POST TAGSPurchase First-Time Home Buyer Loan Process
Blog posted On October 07, 2021
Closing on a home is an exciting start to a new future, and it’s a huge accomplishment. If you’re about to close on a home of your own – congrats! We’re sure you can’t wait to move in and start enjoying life as a homeowner. Before you do, there are a few important steps of the closing process left.
When you close on your home, you will need to bring with you certified checks for your down payment and closing costs. Though there are ways to roll your closing costs into your loan amount, you will then have to pay interest on them. Closing costs can include:
Typically, closing costs are between 2% and 5% of your loan amount. So if you have a loan of $350,000, you will pay between $7,000 and $24,500 in closing costs. Down payments can vary more. In 2020, the average down payment for first time buyers was around 7%. For repeat buyers the average down payment was 16%.
Anything that could greatly affect your financial situation should be avoided. If you make any last-minute changes before closing on your home like changing jobs, your lender will have to verify your new employer, which could push your closing back further than expected, or lose your loan approval altogether. You should also try to avoid making any large deposits or opening a new line of credit. These will cause your lender or credit card company to review your information again.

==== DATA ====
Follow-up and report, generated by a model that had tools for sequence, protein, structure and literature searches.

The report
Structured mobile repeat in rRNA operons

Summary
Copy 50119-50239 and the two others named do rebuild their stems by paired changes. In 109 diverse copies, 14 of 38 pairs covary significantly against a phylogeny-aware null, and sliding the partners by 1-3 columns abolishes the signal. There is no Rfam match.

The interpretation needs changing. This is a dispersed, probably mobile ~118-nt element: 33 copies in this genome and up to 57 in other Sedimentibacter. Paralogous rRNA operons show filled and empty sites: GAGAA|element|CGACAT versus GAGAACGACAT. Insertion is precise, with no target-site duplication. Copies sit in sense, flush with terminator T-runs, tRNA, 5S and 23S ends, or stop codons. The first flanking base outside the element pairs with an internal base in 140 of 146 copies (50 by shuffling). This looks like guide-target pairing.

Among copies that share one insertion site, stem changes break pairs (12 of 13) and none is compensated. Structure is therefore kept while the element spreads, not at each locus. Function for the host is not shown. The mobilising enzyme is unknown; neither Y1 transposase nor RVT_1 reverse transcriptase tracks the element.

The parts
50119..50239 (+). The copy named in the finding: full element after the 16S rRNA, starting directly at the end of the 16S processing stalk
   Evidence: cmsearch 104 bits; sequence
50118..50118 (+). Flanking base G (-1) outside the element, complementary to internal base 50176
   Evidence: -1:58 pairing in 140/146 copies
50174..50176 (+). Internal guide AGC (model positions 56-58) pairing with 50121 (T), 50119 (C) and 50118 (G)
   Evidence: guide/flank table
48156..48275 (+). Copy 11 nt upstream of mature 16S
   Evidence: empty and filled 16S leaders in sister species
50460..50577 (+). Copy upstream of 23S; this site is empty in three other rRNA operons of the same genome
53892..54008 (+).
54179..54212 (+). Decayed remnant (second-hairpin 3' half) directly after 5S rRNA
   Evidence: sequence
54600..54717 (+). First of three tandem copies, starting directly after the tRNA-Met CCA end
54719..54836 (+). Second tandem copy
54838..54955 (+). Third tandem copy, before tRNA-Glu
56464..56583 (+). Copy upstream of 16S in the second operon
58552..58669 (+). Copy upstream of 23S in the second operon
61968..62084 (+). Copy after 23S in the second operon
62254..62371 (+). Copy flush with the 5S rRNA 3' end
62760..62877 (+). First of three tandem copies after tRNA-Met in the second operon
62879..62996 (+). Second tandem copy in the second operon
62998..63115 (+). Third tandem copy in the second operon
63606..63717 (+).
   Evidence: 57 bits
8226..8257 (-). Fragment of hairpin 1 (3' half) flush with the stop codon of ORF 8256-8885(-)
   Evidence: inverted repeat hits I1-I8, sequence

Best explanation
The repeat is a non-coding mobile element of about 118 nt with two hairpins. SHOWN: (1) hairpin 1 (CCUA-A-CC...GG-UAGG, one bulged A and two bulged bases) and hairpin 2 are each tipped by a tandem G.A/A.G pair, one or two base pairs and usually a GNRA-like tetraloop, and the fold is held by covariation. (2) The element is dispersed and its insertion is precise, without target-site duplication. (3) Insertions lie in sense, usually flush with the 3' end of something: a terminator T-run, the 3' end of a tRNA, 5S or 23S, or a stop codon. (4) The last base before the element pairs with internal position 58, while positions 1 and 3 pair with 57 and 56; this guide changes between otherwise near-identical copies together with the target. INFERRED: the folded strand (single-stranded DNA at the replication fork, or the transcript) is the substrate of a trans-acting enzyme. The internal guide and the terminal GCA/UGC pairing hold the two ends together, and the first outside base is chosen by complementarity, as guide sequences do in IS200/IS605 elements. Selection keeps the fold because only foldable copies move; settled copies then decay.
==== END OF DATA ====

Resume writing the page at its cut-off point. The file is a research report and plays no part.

It’s common to take one last walkthrough of the house with your real estate agent before you sign the final documents. This can ensure that the house is in order and everything that needed to be fixed or updated got the necessary changes. Once you sign the final closing documents, there’s no going back.
Closing requirements vary per state (and sometimes county), but there are certain parties who should be present at closing in almost any state:
You will receive a lot of documents at your closing that you will need to double check for accuracy:
Once you have insured that all your paperwork is correct, you can start to sign. There are three main documents that you will sign at closing. The first is the deed of trust, the second is your mortgage note, and the third is your closing disclosure.
After you’re finished at the closing table, it’s time to celebrate! Even after you’re finished signing on the dotted line, we are always here to help. If you ever have any questions before during or after closing, let us know.
Sources: Bankrate, NerdWallet